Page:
Seventh annual March for Jesus held Saturday

Published 8:30 am Tuesday, October 18, 2022

The seventh annual March for Jesus returned to the streets of LaGrange on Saturday morning.

The event is held in part to give community leaders and people of faith an opportunity to publicly share their beliefs. Dozens of local Christian faithful marched through LaGrange and even more joined them at the square for an open-air church service.

Each year local Christians march from Sweetland Amphitheatre to Lafayette Square in solidarity to show their faith. Following the march, several local ministers gave short sermons intertwined with live music provided by Turkey Creek Gospel band.

Dr. Joe Almand, who started the event with his wife, Doris, eight years ago, said they invite all churches from around the area to participate and celebrate the gospel, but they encourage them to not be political. The march has been held annually since its inception except for one year due to the pandemic.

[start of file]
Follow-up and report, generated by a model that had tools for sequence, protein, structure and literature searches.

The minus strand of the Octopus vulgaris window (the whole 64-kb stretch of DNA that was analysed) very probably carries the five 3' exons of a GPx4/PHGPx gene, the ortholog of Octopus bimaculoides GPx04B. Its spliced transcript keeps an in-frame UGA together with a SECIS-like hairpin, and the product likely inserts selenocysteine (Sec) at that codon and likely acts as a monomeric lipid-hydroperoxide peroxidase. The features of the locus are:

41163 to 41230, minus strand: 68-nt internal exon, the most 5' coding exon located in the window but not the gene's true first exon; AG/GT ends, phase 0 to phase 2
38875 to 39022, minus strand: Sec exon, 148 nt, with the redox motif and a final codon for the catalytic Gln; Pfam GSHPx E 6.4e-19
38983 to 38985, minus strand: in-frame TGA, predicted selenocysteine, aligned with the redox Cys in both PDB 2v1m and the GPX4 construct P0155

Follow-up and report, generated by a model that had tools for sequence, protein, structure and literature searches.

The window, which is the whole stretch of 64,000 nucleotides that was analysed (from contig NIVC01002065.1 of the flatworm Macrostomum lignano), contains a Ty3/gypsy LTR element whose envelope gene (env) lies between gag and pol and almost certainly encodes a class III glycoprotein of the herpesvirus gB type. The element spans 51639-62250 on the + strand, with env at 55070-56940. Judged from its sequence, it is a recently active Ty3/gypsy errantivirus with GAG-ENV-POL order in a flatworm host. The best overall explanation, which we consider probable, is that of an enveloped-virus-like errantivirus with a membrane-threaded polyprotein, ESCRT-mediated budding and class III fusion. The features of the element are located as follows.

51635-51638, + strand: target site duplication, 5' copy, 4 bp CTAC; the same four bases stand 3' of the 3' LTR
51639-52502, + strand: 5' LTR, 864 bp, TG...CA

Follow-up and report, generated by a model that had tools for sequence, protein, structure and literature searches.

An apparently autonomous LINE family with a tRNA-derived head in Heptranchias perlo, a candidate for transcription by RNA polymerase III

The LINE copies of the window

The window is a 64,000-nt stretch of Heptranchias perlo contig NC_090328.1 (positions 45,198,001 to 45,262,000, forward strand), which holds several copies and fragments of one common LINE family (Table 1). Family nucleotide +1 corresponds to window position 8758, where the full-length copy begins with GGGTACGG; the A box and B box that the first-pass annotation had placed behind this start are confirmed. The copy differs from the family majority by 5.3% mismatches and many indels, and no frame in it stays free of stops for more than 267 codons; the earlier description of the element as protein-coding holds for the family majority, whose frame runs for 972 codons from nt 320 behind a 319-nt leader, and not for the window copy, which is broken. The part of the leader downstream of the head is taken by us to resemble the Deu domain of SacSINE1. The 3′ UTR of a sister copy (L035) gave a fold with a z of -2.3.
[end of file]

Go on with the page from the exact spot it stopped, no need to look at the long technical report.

“Everyone is welcome to attend,” said Almand, noting the event is non-denominational and non-political.

Sheriff James Woodruff escorted the group as they marched down Church St. toward the square. Woodruff later spoke as he has done each year since the event began.

Woodruff said that the march is important for the people of LaGrange, particularly with the ongoing world and local events.

“Just here in LaGrange, just look at the crime and tragedy. There’s no regard for human life,” Woodruff said. “The Lord has put me in a place from such a time as this, maybe I can make a difference. But you know, just in the years I’ve been in the sheriff, the numbers in the jail have grown, crime has grown and how horrible things have gotten.”

Woodruff noted that they currently have a record number of people in jail.

“We’ve got a record number of people in jail — 600 people in jail — right here in our county this morning,” Woodruff said.

Woodruff said he allows more than 30 ministries into the jail to speak to inmates.

“Thirty-something ministries to come into that jail every month and minister to those men and women,” Woodruff said. “Some might have to repay society for what they did, but if they are really going to turn their life around, it has to be the blood of Jesus.”